Connor Kawaii turned a forced break from skating into a new company and careerGucci AW18
To celebrate its AW18 collection, Dazed has teamed up with Gucci to spotlight three young British artists using their art to spark conversations around identity, freedom and self-expression.
While he may be the younger brother of former Dazed 100er, designer and artist Ryan Hawaii, 19-year-old model, artist, and skater Connor Kawaii is becoming well known in his own right. After a skateboarding-related injury left Kawaii with a broken wrist and doctors orders to rest up for a month, he spent his time longing to get back on a deck. It was during this time he decided to turn his attention to a new venture.
Noticing a gap in the market for inventive skate decks, Kawaii experimented with collaging and began transferring these onto decks. “I started experimenting with collaging which I’d never tried before and I thought why not combine the two? Skateboarding and collaging.” The decks, which are carefully layered with text and imagery, are sourced from various books and magazines – such as a coffee table book of golden-era Playboy editorials, of which the skater-cum-artist cuts his way through the glossy pages with the intention to build his next deck.
Modelling has been a successful side-hustle for Kawaii, and while many see him as an ‘alternative’ model, he thinks a little differently. Signed to Anti-Agency, the modelling agency celebrating the alternative, Kawaii spoke on the idea of him being labelled this way, mentioning “now people with dreads aren’t necessarily considered ‘alternative’ models, I’d say they’re becoming the norm now. About five or so years ago we would be the weird-looking alternative models.”, but while he believes there has been a shift, Kawaii acknowledges that there’s still some way to go, adding “they need to carry on in the direction they’re going in and continue pushing the boundaries by doing what they think is right and not what they think is cool.”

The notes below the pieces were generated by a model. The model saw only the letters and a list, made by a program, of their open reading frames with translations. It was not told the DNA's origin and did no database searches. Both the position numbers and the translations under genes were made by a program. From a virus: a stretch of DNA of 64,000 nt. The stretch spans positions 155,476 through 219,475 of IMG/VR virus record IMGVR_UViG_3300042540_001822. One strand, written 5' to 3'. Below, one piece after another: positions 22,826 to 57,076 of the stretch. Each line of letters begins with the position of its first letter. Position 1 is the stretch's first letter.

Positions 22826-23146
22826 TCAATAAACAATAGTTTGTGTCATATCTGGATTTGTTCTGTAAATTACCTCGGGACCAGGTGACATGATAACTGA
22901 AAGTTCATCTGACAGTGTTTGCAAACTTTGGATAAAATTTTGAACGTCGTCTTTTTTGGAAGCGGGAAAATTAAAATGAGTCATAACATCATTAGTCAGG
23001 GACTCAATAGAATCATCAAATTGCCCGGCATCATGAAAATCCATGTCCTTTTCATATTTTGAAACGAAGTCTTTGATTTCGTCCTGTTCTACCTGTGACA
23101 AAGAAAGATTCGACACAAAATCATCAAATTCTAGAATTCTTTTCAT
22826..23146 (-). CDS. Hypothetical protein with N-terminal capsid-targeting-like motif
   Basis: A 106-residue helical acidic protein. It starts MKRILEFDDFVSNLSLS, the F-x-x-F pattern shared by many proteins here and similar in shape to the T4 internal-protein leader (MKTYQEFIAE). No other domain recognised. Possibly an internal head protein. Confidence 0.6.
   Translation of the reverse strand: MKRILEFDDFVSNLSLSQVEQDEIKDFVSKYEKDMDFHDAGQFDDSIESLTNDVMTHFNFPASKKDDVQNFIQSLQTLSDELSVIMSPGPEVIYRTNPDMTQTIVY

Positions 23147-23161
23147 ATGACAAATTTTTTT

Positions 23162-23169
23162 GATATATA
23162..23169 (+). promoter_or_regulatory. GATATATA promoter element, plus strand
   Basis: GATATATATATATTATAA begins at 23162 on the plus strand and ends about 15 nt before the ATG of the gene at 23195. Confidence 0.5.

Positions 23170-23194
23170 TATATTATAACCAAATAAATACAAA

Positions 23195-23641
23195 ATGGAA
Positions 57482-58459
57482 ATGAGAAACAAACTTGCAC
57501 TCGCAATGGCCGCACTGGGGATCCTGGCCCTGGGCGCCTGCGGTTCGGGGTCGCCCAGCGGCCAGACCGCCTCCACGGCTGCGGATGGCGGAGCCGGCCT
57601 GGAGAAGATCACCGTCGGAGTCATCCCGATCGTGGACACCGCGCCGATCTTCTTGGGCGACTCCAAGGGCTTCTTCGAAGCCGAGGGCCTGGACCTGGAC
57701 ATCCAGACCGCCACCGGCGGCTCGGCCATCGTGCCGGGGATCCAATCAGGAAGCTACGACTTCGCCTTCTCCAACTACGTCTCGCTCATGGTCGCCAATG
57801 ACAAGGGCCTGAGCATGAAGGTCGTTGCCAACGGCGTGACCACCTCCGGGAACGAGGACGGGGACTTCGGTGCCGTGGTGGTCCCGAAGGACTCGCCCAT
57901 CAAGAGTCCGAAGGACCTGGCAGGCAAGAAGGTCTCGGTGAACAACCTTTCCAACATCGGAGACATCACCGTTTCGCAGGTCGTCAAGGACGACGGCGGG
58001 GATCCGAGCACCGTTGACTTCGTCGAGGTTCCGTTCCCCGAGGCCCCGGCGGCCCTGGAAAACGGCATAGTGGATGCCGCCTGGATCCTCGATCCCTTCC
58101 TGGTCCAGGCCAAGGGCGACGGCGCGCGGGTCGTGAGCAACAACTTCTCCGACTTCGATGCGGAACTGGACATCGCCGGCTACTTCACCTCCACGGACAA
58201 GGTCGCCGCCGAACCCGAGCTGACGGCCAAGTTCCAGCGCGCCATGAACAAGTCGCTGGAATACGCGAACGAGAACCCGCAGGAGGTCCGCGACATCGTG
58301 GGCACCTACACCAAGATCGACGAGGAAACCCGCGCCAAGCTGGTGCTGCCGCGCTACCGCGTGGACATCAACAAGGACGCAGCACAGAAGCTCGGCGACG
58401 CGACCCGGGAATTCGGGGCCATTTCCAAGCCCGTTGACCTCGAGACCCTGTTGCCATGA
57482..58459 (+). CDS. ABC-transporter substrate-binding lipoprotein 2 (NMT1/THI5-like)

Here, we speak to Kawaii about his biggest influences, skateboarding, and starting his own company.
Who is the biggest influence for your work?
Connor Kawaii: My brother. And Jason Dill from Fucking Awesome.
What is your main form of self-expression?
Connor Kawaii: Skateboarding – I started about three years ago. There isn’t a crazy story of how I started or anything, I just did. But also, I’ve never been the arty one, Ryan’s always been the arty one. I (was) the sporty kid and he’s the deep-thinker with the creative mind, so this is all quite new to me. I’m still perfecting my craft and the methods I use to make these skateboards. I’m proud of what I’ve done so far and I want to continue doing it and pushing the boundaries.
“I started experimenting with collaging which I’d never tried before and I thought why not combine the two? Skateboarding and collaging” – Connor Kawaii
What was the driving force for starting your own company, Radius Skateboards?
Connor Kawaii: Breaking my wrist and being away from skateboarding for about a month. I was watching skate videos and that, but it wasn’t enough – I wanted to still do something. So I started experimenting with collaging which I’d never tried before and I thought why not combine the two? Skateboarding and collaging. I was seeing a lot of people doing this just from being out with skaters, but no one was tapping into the business side of it. I see some guys from America like @watchyoudie and @yungspliff, they do the whole art stuff too, but the way I do it is more intricate.
What mediums do you use?
Connor Kawaii: I collect books that I think are interesting, cut them up and start collecting the images in a wallet. I start fishing through it and think about what pieces would look good together, lay them out on a board and stick them down.
How have you found breaking into the creative industry?
Connor Kawaii: It’s been quite hard, to be honest. It’s real hard building up a following. I model part-time and it’s way easier to gain a following that way because people want to see a pretty face so they’re more likely to follow you. But, if it’s a photo of a skateboard it’s quite hard for everyday people to relate. It’s about building up that support and fanbase, then eventually dropping stuff and that’s what I’m working at.
What is the best thing about living in London as a creative?
Connor Kawaii: Everything’s at your doorstep – there’s so much stuff to do. So many skate parks, as well. London is littered with it, there’s still so many I haven’t been to and I’ve been to a lot – I like seeing different parks and the different architecture they all have. There’s always stuff happening in London, good club nights and events – there’s always something to do.
Director: Joe Ridout
Camera Assistant: Rory Mclean
Stylist: Ben Schofield
Grooming: Roku Roppongi
Producer: Lauren Ford